Cable's cybernetic arm was digitally created in Deadpool 2

Among other things, 2018's Deadpool 2 brought us the big-screen premiere of Nathan Summers, aka Cable, played by Josh Brolin. Like the MCU's Winter Soldier, one of Cable's arms appears to be made of metal. But while Bucky Barnes' metal arm replaces the one he was born with, Cable's arm is the result of an infection. The mutant one-man army is from a possible timeline in which he's infected with a techno-organic virus, making him appear to be a cyborg. 

To achieve the look of Cable's arm, one option was to create a practical effect, like a specially rendered sleeve Brolin could've worn. However, Deadpool 2's VFX supervisor — Dan Glass of DNEG — told FX Guide that option seemed counter productive. "I felt like all too often things like a robot arm end up getting replaced and so it did not seem really worth our time to build a sleeve," Glass explained. Instead, Brolin wore a motion-capture sleeve during filming, which was used in the creation of the digital arm. 

While Cable's digital arm was far from being the most involved effect in the film, it was the one Deadpool (Ryan Reynolds) chose to call out in a trailer for Deadpool 2, while at the same time taking the chance to poke fun at 2017's Justice League. One trailer features Cable without the arm's digital effects completed, and Deadpool pauses the trailer to complain, "It's a metal arm! It's not like we're trying to remove a mustache!" 

Agent Carter was digitally aged in Captain America: The Winter Soldier

While it takes place around 70 years after Captain America: The First Avenger, the 2014 sequel Captain America: The Winter Soldier sees Hayley Atwell reprise her role as Peggy Carter. While aging actors is seen much more extensively in films than de-aging, the process of making Atwell look like an elderly woman was surprisingly complex. 

The original plan was to shoot the scene twice — once with Atwell in no makeup and a second time with old-age prosthetics applied to the actress. Then, the effects team would project the old-age prosthetic shots onto those filmed with no makeup. But this didn't work because Atwell's performance in the prosthetics was deemed "restrictive." So, Lola VFX's effects team continued to do tests with prosthetics on an actress who resembled Atwell. "With each iteration of the test, the makeup artist would make the appliances thinner and thinner and by the end was some of the best prosthetics I'd seen," Lola VFX supervisor Edson Williams told FX Guide. "But it still wasn't quite what we were looking for." 

Finally, Williams had what he calls his "Hail Mary" idea. Lola had already hired an elderly actress as a reference. But rather than using the actress simply as a reference, they filmed her performing the same scene as Atwell and projected her skin onto the younger actress. "We matched the lighting, the timing, and performance and literally stole the creases and cracks and put them onto Hayley," Williams mused.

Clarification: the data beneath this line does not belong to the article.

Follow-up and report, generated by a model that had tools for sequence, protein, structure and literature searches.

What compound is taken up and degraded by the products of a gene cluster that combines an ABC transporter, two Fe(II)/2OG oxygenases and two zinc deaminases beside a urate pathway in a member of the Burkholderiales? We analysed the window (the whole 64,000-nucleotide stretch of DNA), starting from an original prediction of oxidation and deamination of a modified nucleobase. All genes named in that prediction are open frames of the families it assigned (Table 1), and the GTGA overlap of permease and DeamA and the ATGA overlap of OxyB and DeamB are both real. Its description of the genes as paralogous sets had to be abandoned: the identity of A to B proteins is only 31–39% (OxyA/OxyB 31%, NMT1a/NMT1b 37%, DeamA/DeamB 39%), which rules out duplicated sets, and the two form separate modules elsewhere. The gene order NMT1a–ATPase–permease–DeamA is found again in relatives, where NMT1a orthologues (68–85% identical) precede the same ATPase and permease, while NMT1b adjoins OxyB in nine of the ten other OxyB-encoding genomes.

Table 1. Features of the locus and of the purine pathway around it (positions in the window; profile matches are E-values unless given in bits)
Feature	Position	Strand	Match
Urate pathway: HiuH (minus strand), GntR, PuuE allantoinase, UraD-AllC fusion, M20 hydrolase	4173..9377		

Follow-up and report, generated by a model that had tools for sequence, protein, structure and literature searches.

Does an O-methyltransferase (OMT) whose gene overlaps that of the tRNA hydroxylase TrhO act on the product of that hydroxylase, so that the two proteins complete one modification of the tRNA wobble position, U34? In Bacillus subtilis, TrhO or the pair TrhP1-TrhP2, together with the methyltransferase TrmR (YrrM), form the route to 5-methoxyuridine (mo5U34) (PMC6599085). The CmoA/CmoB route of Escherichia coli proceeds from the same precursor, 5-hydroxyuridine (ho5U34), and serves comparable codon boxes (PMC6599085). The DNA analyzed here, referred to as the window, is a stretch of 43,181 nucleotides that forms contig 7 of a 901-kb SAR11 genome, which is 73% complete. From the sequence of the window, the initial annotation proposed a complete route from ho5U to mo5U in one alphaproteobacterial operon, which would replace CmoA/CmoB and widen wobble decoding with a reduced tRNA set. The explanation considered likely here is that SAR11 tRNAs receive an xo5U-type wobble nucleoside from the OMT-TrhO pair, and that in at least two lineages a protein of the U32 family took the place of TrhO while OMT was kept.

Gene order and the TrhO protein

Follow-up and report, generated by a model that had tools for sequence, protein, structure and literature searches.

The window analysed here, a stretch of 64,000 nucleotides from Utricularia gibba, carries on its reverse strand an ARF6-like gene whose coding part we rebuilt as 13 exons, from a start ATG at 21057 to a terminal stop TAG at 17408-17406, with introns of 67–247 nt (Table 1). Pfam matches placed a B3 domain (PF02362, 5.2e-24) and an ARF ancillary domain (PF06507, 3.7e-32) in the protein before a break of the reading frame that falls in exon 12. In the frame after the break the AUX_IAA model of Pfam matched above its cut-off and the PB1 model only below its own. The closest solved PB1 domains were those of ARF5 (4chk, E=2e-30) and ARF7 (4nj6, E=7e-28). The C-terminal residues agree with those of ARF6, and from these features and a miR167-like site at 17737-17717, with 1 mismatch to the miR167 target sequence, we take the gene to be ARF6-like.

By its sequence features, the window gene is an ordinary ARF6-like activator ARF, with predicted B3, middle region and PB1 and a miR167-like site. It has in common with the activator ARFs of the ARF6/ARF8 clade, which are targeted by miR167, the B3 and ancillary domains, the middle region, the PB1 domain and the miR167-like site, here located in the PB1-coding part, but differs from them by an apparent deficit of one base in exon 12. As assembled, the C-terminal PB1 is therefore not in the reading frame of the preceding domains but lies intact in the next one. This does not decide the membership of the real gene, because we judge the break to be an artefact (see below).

Magneto and Professor X returned to a friendlier time in X-Men: The Last Stand

While 2006's X-Men: The Last Stand didn't impress a lot of fans or critics, it proved to be a landmark in the realm of digital enhancement. The Last Stand opens 25 years before the events of the rest of the film, with Professor X (Patrick Stewart) and Magneto (Ian McKellen) — still colleagues at this point — trying to recruit Jean Grey into Xavier's school. For the first time, Lola VFX was called in to turn back the clock on the ages of Marvel characters, and they used digital skin grafting to make the actors look younger, utilizing old photographs of the actors as reference.

Lola VFX co-founder Greg Strauss told CGW that before The Last Stand, Lola had worked mainly on music videos and cosmetic commercialsperforming digital touch-up work on singers and actors. Lola had worked on films before The Last Stand, but the X-Men sequel marked the first time that they used the technology to "support the story" rather than as "a vanity tool set."

For the flashback scene, Lola didn't use prosthetics, makeup, a motion-capture apparatus, or any different shooting method. The sequence was shot as if no changes were going to be made to it at all. "We didn't limit the actors' motion, blocking, expressions, or anything," Strauss said, adding, "They did everything in-camera the way they wanted." 

We needed to see the before and after of Steve Rogers in Captain America: The First Avenger

For the inspiring origin story of Steve Rogers (Chris Evans) in 2011's Captain America: The First Avenger, the film's hero needed to look very different before he was subjected to Dr. Erskine's (Stanley Tucci) super-soldier serum. Molding that stark contrast proved to be one of Marvel's most startling and impressive CGI effects.

While it was widely assumed almost all of the shots featuring the smaller Steve Rogers were accomplished by digitally attaching Chris Evans' face to a body double, Lola VFX supervisor Edson Williams told Variety that this method was only used for about 15% of the shots. For the rest, Evans' face and body were shrunk. This involved shooting everything at least three times. One shot was made with Evans, the next with Evans' smaller body double (Leander Deeny), and a final "clean shot" without any actor or body double. 

According to Williams, one of the toughest hurdles was shrinking Evans' jawline for his "skinny" scenes because "if you start adjusting [face] geometry incorrectly, you'll start getting feminine traits." But "by far the most challenging part" of the process was caused by Evans' massive arms. Williams told Variety that when shot in profile, the actor's arms blocked "as much as one third of his body." So in profile shots, the fabric of Evans' shirts would need to be digitally erased and replaced with something else.